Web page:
“The reality is very few will qualify,” she said. “They’re lovely people, they really want to help and they are aware there are deficiencies in the system. If your home is valued at more than $278,000 you will not qualify. Farmers and renters do have a better chance to qualify.”
More than a month ago the WCDR made 13 recommendations to the DRAO but “we had no success,” Bernhardt said. “We will continue to fight that fight. We’re now West Carleton Strong.”
Bernhardt says the community organizations involved in the tornado response will soon start the debriefing process and she expects meeting participants will be a part of that. She also said the WCDR will be written in to the City of Ottawa’s Official Plan as council begins that project.
“We will be an official part of the Official Plan in West Carleton emergency,” Bernhardt said.
WCDR director – Emotional Care and Huntley Community Association president Judy Makin had some good news regarding landscaping.
She said she expects a partnership soon with Tree Canada. The organization is already fundraising for those who have lost trees in the community.
Bernhardt added, as the WCDR slowly reaches its goal, the organization is downsizing and re-shuffling.
“There is no other business in the world where success is measured by losing clients,” she said. “People are getting back on their feet. Because of that we are going to be moving people around in the New Year. Some of our volunteers have to get back to their life. Thank you to all of our community contacts.”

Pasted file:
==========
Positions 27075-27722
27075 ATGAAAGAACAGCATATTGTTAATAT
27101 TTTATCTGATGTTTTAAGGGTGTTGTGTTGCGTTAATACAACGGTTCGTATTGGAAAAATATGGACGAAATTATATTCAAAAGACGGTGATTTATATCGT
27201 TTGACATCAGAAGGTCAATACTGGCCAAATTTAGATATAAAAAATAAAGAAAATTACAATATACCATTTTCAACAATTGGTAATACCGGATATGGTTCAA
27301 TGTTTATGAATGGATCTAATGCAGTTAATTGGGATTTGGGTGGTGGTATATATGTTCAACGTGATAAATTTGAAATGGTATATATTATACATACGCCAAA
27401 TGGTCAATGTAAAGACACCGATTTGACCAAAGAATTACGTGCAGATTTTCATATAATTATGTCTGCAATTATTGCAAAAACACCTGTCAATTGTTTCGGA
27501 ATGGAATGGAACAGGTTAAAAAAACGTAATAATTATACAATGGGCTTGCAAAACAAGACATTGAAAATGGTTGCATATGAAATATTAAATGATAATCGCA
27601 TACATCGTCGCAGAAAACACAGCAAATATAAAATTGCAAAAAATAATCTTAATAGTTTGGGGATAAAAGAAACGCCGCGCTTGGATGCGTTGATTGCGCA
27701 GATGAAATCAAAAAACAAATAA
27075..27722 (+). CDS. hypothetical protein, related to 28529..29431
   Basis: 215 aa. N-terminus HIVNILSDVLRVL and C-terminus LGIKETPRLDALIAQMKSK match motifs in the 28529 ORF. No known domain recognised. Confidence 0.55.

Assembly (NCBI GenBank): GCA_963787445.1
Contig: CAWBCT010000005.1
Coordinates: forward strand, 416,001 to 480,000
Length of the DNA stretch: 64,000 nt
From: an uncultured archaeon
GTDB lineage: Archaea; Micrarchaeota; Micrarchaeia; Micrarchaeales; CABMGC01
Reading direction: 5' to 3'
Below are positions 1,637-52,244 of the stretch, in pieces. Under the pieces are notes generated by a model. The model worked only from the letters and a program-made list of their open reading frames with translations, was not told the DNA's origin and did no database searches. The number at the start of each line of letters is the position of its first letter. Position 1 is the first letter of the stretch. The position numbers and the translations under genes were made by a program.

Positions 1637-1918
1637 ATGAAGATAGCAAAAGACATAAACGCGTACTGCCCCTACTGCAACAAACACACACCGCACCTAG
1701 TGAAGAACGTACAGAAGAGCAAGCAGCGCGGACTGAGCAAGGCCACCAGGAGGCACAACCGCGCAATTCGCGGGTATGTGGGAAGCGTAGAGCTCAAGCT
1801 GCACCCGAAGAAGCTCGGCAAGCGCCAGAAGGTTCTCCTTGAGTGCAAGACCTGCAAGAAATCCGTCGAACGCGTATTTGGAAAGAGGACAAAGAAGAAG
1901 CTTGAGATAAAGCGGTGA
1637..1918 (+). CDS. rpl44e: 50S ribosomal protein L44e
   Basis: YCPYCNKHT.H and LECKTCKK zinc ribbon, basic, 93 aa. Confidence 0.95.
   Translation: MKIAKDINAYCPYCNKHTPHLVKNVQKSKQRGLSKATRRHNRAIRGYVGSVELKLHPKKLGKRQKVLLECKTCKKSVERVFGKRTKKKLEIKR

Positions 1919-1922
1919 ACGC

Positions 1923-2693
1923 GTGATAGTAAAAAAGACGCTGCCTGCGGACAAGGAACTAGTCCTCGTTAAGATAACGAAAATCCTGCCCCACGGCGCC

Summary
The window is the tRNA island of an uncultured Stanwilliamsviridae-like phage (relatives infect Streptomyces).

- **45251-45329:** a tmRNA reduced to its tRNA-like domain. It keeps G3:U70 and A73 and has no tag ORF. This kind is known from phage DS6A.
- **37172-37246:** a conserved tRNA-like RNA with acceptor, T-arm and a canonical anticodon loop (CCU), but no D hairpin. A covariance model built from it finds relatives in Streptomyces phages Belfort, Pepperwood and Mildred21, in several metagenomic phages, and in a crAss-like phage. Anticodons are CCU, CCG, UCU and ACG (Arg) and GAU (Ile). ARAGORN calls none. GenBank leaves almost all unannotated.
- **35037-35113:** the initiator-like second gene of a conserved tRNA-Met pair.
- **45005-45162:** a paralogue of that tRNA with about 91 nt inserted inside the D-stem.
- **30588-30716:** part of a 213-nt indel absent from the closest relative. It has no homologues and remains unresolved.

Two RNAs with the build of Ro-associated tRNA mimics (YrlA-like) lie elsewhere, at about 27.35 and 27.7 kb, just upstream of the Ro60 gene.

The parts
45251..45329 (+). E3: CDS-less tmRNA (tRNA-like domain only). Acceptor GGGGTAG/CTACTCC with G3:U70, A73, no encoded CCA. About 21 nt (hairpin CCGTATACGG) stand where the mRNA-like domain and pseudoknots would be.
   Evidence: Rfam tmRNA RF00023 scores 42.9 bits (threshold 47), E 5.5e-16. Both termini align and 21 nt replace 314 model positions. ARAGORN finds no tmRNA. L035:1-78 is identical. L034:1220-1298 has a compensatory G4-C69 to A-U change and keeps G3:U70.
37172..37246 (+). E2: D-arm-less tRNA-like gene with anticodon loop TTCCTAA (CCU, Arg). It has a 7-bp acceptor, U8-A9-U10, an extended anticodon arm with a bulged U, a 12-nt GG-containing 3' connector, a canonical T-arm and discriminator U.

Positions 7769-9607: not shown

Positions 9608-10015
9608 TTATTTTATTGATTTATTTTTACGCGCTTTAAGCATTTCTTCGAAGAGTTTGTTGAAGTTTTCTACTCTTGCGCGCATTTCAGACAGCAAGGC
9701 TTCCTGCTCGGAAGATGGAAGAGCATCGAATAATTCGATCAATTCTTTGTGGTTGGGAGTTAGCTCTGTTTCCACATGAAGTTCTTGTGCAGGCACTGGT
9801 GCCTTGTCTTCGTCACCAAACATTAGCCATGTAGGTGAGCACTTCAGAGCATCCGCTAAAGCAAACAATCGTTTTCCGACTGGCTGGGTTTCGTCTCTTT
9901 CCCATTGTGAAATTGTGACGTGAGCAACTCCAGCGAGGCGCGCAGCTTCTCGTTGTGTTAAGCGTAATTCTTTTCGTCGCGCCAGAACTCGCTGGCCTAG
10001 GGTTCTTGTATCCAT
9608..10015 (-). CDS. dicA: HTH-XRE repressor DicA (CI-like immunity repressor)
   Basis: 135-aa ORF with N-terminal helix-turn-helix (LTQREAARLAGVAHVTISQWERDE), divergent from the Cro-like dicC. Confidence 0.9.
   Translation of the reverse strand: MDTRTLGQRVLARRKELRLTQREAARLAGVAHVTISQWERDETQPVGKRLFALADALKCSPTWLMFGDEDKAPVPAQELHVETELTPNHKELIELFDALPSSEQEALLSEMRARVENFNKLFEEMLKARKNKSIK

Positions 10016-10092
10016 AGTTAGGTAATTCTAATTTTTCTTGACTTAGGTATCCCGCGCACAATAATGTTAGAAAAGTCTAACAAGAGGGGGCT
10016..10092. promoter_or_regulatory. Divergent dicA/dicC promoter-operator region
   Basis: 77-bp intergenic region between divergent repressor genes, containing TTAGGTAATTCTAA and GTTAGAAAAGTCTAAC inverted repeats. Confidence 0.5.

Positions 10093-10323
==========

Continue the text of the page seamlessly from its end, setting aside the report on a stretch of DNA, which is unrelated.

But Bernhardt stressed the WCDR is still fully functional and ready, able and willing to help.
“We have the resources, please let us help you,” she said.
Dunrobin residents Todd Nicholson and Emily Glossop-Nicholson had presents for everybody and then some. Through their networking, they secured a huge donation of brand-new Paralympic swag including Under Armour winter boots and running shoes, Olympic-branded pants, jackets, shorts, golf shirts, t-shirts, even Team Canada flip-flops, as well as winter jackets and clothing donated by Team Canada and Mount Pakenham Ski Hill. Tens of thousands of dollars of clothing and footwear.
“They’re very warm, but that’s coming from someone who can’t feel their feet,” Nicholson joked.
Tanya Laughlin gave a brief update on the WCDR amazon.ca gift registry saying 306 of the 470 items have been purchases.
WCDR co-chair Greg Patacairk finished up the meeting with a few words the eve before the tornado’s three-month anniversary.
“Someone recently asked me if I have taken the time to reflect on any of this,” he said. “I said no, I hadn’t had the time. Everyone is helping everyone else. Everyone is pitching in. I’m truly touched. I’ve made a lot of new friends. I remember the first day, looking at (Coun. Eli El-Chantiry) and saying ‘what are we going to do now?’ I want to say thank you to you. If everyone didn’t help their neighbour, this wouldn’t have worked. Thank you very much, I really can’t say more than that.”
The WCDR said they would be taking a short break over the holidays although will still be responding to emergencies.
Following that the noise in the hall quickly picked up to a distinctive buzz of happy conversation. For one night it seemed, what those struggling to get their lives back to normal needed, was a drink with friends.